Fattening the Thin Horse
First of all it is so important to try and analyse why condition of the horse is too light and therefore if any one or more of the following aspects are an influence then fix those first before embarking on a major dietary change.
1. Teeth – May just be simply sharp edges or more complex. Either way get a vet or qualified equine dentist to examine and adjust as necessary.
2. Parasites – Check the records of the horse particularly if you have just purchased it, and see if a good worming programme has been maintained. Get a worm count done by your veterinarian and discuss the best options for the parasites found. Once you have de- wormed, keep records so that a proper programme is carried out, changing wormer types as appropriate.
3. Sickness – Know the signs of health, any illness will debilitate a horse. If he just seems off colour then get a blood test and discuss any findings with your veterinarian. View our article on signs of health here...
4. Stress - Signs of stress are obvious but sadly often put down to the horse “being difficult” or being naughty. Horses are reactive not proactive by nature. They respond to stimuli and environment and handling etc, and don’t deliberately set out to give an owner a hard time. (Unless they have been abused and have become defensive as a result). So look for reason that may create stress, it may be environment, even being bullied in the paddock, fear – maybe of travelling, it may be lack of knowledge so a professional trainer can help, it may be a low level of some significant minerals and or vitamins, such as thiamine, tryptophan, magnesium so supplement with a balanced mix that provides the normal daily amount. Don’t overdo the supplements – they are not sedatives. In fact any form of sedation is not the answer – look to the cause.
5. Pain - A horse in pain will lose condition. A prolonged painful episode will reflect in the weight of the horse, even low grade pain that is not being diagnosed and as such may be a hidden cause. Again use a professional to assist with looking at possible causes of.
6. Digestive Problem - This can be a physical issue with the function of the transit of food like swallowing difficulties, or gastric ulcers, or imbalances in the digestive enzymes, intake of toxins like mould on hay and grains, loss of the microflora (good bacteria) that assist digestion within the gut. Gastric ulcers are not easy to diagnose and require a medication with omeprazole as its active ingredient. They can be avoided by making sure the horse has sufficient fibre (grass, hay, chaff) with access to that type of feedstuff through 24 hours. It is important that a horse’s stomach has some foodstuff passing through it almost continuously, fibre is the horse’s natural food and because passes slowly through the gut - it provides protection from the continual acid flow in the stomach. Long periods without food will contribute to the onset of a gastric ulcer.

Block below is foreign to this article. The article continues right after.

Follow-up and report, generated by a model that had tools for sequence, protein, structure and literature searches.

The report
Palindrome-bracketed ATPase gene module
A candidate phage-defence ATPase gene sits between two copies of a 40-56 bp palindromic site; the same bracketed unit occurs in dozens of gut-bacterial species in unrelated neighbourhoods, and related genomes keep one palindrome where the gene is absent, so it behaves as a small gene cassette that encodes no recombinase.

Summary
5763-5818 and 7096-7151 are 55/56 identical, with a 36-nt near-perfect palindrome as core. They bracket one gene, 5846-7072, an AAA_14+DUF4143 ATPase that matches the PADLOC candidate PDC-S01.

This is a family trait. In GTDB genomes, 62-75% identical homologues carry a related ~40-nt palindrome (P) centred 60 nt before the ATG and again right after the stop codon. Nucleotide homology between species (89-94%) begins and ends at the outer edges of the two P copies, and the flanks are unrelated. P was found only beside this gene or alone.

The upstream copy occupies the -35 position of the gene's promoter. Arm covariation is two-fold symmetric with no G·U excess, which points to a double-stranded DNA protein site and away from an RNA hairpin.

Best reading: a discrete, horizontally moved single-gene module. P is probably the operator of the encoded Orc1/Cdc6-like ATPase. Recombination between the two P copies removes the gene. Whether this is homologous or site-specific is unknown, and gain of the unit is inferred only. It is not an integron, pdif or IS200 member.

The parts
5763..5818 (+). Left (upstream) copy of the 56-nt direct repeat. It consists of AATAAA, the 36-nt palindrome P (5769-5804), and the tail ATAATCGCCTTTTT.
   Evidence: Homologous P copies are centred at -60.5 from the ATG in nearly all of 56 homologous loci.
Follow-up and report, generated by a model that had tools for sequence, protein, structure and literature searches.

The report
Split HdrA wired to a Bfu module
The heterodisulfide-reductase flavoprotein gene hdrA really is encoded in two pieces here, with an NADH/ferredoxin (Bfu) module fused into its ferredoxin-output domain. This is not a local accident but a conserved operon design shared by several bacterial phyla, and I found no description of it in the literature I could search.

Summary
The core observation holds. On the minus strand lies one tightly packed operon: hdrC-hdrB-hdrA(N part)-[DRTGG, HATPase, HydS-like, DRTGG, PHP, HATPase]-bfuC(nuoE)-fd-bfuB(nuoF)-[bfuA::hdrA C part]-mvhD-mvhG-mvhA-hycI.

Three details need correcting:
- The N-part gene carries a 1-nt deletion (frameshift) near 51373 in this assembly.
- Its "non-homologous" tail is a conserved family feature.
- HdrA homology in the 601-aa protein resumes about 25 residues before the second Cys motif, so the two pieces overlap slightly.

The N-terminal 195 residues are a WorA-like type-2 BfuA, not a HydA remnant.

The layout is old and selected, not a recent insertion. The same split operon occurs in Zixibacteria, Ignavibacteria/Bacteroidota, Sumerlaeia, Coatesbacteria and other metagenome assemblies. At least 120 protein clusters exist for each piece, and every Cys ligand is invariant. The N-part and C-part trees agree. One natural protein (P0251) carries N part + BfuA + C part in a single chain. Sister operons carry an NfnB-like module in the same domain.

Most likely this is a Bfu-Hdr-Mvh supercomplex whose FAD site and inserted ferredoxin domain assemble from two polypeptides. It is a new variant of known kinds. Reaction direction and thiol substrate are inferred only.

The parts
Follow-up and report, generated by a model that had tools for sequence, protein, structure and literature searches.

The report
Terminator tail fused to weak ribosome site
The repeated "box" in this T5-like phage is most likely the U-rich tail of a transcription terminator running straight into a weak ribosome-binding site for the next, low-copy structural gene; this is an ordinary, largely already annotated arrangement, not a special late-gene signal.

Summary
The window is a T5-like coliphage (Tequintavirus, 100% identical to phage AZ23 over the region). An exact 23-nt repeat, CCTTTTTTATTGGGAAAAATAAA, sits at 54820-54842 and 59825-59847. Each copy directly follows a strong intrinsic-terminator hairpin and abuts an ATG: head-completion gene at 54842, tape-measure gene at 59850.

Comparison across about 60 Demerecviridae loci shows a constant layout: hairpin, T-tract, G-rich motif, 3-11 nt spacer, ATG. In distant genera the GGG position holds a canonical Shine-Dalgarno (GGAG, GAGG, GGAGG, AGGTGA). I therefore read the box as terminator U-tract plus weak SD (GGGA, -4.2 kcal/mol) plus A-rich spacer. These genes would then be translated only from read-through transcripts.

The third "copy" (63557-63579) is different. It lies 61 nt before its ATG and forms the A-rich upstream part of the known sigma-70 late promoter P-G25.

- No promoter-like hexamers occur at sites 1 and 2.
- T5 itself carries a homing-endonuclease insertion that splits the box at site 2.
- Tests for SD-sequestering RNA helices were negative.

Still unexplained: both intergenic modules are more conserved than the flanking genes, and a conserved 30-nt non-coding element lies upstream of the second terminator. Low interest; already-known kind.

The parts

Diarrhoea is a symptom of the loss of the natural microflora, a simple and economic remedy is to give the horse a powder yoghurt daily, like Easi-yo. A tablespoon is sufficient. Another method is to take the fresh manure of a healthy gelding mixed with water and syringed or tubed into the horse. Young foals will eat manure at about 10 days old as a way of obtaining the good bacteria they need so they can later digest food.
It is possible to assist the digestive process of the gut by giving a product that offers digestive enzymes to process feed more efficiently early in the gut. Partially digested feed going to the hind gut causes many problems in the horse, also useful is an ingredient to slow down the speed of the feed passing though, a silicated oxide toxin binder helps in case any moulds have been ingested, a probiotic to remove any negative emissions from hindgut fermentation. Vetpro Digest Rite can provide all these ingredients in one daily scoop.
7. Age – The older horse will have a greater difficulty keeping good condition primarily due to the aging process itself that creates difficulty in processing the protein that they are eating, their teeth make it difficult to masticate the long fibre, and overall their internal digestive process is less efficient. To assist the uptake of all digestible protein it is necessary to supplement with Lysine and Threonine – two “limiting amino acid” these are the most important in the protein structure and the horse’s natural levels drop with age – so supplementing creates an improvement in the uptake of protein and hence body structure (often seen as top-line).